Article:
The first portable computer my parents bought, brand-new practically one of the first ones off the assembly line, an Osborne I, when I was 21 or 22:
It weighed 23.5 pounds. The screen was five inches wide, green on white letters and ASCII graphics. It came with SuperCalc (a spreadsheet program) and WordStar (a word processing program), plus a version or two of BASIC so you could do programming if need be. It had two 5-1/2 inch floppy drives, one which would hold the program, the other of which would hold your documents.
We thought it was amazing, though I do remember absolutely hating to carry the damned thing any further than, say, from one room to the next.
When Mom bought the Osborne Executive a few years later, she gave me the old machine, and I used it for a while while I did free-lance typing from home.
The kind of “portable computer” I want to buy now:
It’s about the size of a sheet of paper. It weighs 1.33 pounds. With it, you can access the world. And, dayum, it’s pretty, not like the ugly, utilitarian clunkiness of the Osborne.
What a difference thirty years makes.
What a difference one person makes.
A few years after the Osborne I/II showed up in our house, the magazine I worked for bought computers for all the editors. I—the in-house computer whiz–was the one who discovered that CP/M, the operating system we used, had a glitch where you could accidentally save your article with no file name, but that it showed up in the directory, so you could retrieve it and save it with a new name. Many a young editor who had their articles disappear after many hours of working on them paid for lunches for me for saving their files.
I vividly remember the day that the magazine bought a hard drive—with all of 10MB of space. Since I had already demonstrated my ease with computers, it was assigned to me. I remember all my buddies gathering around to “Oooh!” and “Ahhh!” at it. It was about 10 inches tall, 10 inches deep, five or six inches across. They were astonished at how many articles we could store on it.
The editor-in-chief’s secretary bragged about buying a real IBM PC at home.
At the same time, one of my best friends got an Apple II. Thereafter, every time I talked to her, when she wasn’t lamenting the latest married man in her life or other equally DRAMATIC situations she maneuvered herself into, she was talking up Apple products.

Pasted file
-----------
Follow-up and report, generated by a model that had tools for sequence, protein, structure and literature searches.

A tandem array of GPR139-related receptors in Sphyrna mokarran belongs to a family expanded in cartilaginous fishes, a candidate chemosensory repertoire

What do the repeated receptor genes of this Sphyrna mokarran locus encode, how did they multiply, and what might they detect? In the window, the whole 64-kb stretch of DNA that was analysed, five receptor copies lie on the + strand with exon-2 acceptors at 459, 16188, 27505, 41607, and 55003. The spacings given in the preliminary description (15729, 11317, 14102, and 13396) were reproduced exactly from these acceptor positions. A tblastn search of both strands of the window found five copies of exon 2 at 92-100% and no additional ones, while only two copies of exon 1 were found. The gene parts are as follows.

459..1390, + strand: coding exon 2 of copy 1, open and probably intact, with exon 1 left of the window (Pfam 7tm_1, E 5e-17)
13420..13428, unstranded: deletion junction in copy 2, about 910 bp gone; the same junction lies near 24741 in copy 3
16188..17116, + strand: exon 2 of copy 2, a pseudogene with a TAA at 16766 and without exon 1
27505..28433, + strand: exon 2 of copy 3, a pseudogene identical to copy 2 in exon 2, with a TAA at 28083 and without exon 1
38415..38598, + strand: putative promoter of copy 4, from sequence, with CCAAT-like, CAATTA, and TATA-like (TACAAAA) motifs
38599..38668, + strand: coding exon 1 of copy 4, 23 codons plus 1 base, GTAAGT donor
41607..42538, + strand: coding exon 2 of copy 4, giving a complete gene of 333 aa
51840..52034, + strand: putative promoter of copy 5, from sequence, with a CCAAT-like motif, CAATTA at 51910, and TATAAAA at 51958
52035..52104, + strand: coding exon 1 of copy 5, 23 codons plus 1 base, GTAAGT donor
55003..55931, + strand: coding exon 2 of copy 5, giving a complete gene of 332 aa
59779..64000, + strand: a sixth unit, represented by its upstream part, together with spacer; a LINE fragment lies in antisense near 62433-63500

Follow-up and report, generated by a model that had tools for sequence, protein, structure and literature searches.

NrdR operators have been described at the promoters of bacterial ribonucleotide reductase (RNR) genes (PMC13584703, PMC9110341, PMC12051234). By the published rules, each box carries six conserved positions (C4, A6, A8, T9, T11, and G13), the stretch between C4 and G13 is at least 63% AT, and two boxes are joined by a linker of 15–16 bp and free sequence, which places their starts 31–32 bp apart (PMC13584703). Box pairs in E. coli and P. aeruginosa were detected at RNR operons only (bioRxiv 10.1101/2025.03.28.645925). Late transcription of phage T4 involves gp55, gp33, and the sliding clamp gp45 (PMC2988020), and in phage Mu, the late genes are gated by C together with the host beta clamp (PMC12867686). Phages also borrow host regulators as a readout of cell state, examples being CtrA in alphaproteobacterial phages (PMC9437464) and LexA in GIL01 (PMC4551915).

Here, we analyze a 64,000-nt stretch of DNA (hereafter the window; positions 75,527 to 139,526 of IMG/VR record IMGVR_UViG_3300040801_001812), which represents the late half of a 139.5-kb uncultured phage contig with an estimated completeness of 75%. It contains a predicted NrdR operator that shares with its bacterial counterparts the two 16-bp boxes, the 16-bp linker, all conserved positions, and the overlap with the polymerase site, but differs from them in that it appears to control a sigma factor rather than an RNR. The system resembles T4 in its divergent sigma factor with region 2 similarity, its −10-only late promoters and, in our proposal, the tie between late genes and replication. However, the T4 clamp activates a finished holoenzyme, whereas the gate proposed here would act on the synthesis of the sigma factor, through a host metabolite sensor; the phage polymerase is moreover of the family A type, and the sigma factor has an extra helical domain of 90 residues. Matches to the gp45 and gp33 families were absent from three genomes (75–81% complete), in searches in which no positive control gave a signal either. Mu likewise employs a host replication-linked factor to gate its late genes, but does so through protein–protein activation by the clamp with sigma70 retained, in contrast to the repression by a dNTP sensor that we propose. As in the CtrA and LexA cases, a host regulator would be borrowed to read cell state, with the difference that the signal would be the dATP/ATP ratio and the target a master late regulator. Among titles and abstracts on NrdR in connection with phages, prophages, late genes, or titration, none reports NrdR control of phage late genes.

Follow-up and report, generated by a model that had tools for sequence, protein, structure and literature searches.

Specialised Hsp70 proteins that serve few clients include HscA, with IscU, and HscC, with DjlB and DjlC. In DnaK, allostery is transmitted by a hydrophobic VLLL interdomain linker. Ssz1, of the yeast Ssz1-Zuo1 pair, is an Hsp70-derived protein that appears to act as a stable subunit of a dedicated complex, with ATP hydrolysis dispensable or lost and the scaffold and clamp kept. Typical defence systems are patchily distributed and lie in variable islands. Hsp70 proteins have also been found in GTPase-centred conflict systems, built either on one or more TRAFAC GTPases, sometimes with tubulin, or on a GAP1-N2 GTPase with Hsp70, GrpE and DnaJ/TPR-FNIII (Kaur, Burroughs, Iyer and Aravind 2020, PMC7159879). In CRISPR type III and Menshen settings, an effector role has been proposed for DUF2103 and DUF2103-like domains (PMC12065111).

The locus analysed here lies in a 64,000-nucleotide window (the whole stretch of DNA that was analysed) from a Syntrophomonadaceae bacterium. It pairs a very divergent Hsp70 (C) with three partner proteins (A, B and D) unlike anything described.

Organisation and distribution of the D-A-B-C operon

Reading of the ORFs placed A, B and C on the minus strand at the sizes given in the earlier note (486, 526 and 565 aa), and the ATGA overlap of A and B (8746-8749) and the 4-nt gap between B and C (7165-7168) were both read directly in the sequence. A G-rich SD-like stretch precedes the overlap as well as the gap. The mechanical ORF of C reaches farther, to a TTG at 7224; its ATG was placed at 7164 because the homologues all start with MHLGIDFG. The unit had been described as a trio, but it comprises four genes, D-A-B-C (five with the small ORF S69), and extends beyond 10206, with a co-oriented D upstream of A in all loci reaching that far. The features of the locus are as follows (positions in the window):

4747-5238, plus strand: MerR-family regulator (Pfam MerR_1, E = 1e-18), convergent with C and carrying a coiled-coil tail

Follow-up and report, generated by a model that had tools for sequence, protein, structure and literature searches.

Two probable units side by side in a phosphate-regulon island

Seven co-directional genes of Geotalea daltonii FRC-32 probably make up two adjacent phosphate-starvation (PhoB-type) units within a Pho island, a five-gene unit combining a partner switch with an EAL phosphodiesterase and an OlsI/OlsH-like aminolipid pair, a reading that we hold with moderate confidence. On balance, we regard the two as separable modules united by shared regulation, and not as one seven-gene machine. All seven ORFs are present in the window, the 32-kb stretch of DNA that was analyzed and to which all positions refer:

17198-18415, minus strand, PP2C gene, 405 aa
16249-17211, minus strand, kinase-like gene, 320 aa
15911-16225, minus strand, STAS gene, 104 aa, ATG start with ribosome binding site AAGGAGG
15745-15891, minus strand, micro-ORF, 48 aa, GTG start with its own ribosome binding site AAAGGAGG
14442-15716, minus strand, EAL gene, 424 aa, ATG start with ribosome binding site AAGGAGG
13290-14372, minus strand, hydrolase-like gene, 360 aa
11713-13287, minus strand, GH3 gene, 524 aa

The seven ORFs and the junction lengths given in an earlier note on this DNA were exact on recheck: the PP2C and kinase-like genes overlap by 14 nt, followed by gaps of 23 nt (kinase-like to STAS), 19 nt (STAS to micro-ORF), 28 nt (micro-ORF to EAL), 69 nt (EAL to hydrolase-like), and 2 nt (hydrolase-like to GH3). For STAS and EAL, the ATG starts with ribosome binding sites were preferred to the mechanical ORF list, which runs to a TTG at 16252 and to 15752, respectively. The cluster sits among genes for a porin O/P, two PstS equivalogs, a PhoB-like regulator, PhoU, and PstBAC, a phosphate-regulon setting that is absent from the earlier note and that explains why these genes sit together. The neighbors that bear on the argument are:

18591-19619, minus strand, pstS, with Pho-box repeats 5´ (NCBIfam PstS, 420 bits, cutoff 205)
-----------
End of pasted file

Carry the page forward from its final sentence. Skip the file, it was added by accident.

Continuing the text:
And nowadays, due to Steve Wozniak and Steve Jobs, and—in another corner, Bill Gates—and their ferocious technical and marketing genius, our entire worlds are different.
We carry iPods with music. We carry smart phones. We buy almost anything via the Internet. Grandparents get pictures of grandkids via email or Facebook. I shopped for our first house on the Internet in 1998, back when Realtor.com was new; nowadays, internet service is practically considered an everyday, necessary utility for folks who aren’t computer whizzes.
The world has changed so very much in that way.
My grandmother lived through a transition from horse-drawn carriages to jet airplanes and landing on the moon. I, and my age cohorts, have lived through a similar startling transition, from carbon paper and typewriters to streaming media and phones that answer spoken questions.
Steve Jobs died today. It was his vision, his driving need for clean lines, ease of use, and fusing technology with the personal, that has led us into this world of “the Revolution will be texted!”, sexting, online banking, music wherever we go. He died after a long struggle with pancreatic cancer. He was 56. He and Wozniak started Apple in 1976, thirty-five years ago.
Where will we be in another thirty-five years?
RIP Steve Jobs.
Some good blog posts on the subject:
John Scalzi, “Steve Jobs and Me”
Chez Pazienza (Deus Ex Malcontent), “iSad”